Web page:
Kate Shellnutt, Houston Chronicle, June 15, 2011
On Wednesday, the Southern Baptist Convention adopted a resolution supporting government efforts to provide paths to citizenship for undocumented immigrants and pledged that churches work toward just treatment of people regardless of legal status, Baptist News reported.
White evangelicals, a category that includes many Southern Baptists, don’t generally take a positive position on undocumented immigrants living in the U.S. They are three times more likely to say “better border security” should be the focus of the immigration issue than they are to prioritize “creating a path to citizenship,” according to research by the Pew Forum on Religion and Public Life.
Despite concerns that the resolution supported amnesty, Southern Baptist leaders defended a more open stance toward immigration.
The text of the approved resolution reads, in part:
RESOLVED, That we ask our governing authorities to implement, with the borders secured, a just and compassionate path to legal status, with appropriate restitutionary measures, for those undocumented immigrants already living in our country.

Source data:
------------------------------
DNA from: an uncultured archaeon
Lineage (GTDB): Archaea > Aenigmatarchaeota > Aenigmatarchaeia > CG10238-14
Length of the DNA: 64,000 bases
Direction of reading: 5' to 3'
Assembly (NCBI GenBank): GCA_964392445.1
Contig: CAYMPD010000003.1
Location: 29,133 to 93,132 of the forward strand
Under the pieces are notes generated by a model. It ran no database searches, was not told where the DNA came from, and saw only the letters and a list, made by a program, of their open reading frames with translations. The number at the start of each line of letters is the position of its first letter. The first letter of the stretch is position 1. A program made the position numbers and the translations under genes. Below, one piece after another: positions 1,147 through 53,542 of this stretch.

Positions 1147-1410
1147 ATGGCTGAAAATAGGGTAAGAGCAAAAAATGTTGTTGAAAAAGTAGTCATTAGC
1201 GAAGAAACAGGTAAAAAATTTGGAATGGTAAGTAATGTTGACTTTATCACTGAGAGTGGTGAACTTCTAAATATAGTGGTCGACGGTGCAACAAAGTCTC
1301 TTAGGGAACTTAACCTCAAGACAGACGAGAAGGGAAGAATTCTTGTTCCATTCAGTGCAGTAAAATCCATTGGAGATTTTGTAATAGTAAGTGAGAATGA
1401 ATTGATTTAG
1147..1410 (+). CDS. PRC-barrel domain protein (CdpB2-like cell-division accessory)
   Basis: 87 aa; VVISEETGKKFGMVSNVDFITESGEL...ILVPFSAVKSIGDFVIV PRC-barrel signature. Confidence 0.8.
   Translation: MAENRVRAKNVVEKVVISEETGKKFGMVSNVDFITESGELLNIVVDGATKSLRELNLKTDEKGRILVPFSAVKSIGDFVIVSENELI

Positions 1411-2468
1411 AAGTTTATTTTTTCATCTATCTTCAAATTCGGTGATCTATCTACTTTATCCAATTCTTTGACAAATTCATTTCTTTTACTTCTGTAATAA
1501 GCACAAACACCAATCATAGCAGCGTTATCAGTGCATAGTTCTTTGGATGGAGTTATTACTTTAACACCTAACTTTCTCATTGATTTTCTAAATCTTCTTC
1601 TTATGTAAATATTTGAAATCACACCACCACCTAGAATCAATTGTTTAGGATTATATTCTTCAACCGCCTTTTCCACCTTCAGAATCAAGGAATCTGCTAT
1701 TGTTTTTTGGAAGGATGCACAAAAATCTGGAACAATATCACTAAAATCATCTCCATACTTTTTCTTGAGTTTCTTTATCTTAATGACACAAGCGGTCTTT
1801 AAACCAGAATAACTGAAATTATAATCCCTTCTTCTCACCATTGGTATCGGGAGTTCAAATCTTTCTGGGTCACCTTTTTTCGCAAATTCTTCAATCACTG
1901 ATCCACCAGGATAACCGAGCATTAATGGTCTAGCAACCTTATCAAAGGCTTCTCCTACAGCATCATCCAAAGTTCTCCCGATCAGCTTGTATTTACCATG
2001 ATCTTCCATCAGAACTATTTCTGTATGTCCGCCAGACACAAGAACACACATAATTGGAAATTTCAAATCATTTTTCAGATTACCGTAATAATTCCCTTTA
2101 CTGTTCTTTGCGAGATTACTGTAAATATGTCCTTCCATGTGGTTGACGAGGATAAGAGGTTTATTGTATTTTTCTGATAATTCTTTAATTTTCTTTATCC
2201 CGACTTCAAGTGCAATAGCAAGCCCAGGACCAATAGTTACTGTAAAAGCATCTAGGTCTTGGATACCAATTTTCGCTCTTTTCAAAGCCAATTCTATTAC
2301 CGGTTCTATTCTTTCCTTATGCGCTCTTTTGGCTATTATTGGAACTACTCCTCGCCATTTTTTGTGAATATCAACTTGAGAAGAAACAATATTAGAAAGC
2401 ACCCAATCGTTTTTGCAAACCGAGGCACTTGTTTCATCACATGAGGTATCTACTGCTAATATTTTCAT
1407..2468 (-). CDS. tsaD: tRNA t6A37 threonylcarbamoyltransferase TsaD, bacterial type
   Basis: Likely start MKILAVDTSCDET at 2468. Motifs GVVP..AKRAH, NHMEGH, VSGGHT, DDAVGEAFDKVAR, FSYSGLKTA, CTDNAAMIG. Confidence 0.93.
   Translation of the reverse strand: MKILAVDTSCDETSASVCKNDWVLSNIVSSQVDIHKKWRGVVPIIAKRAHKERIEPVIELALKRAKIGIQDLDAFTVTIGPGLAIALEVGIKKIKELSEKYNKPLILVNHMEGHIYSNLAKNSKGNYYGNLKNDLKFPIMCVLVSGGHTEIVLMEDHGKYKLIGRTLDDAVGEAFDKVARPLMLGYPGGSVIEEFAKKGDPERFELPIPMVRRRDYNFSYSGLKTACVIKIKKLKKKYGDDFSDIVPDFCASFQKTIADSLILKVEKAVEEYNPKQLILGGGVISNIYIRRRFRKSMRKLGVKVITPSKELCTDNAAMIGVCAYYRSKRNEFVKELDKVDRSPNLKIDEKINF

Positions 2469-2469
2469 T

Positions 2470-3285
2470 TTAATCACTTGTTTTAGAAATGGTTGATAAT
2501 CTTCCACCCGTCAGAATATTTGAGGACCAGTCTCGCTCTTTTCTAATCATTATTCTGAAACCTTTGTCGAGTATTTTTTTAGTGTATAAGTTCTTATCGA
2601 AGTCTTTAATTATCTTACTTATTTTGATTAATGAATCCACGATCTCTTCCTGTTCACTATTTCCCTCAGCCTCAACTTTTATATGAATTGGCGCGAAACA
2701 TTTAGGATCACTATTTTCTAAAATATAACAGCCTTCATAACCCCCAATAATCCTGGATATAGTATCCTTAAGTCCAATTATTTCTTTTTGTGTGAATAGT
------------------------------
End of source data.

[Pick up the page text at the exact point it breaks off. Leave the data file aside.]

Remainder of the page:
RESOLVED, That the messengers to the Southern Baptist Convention … call on our churches to be the presence of Christ, in both proclamation and ministry, to all persons, regardless of country of origin or immigration status …
… RESOLVED, That we deplore any bigotry or harassment against any persons, regardless of their country of origin or legal status …
The language of the first clause was so controversial that the vote split 51.31 percent in favor and 48.43 percent opposed. The convention ended up adding the clause “this resolution is not to be construed as support for amnesty for any undocumented immigrant.”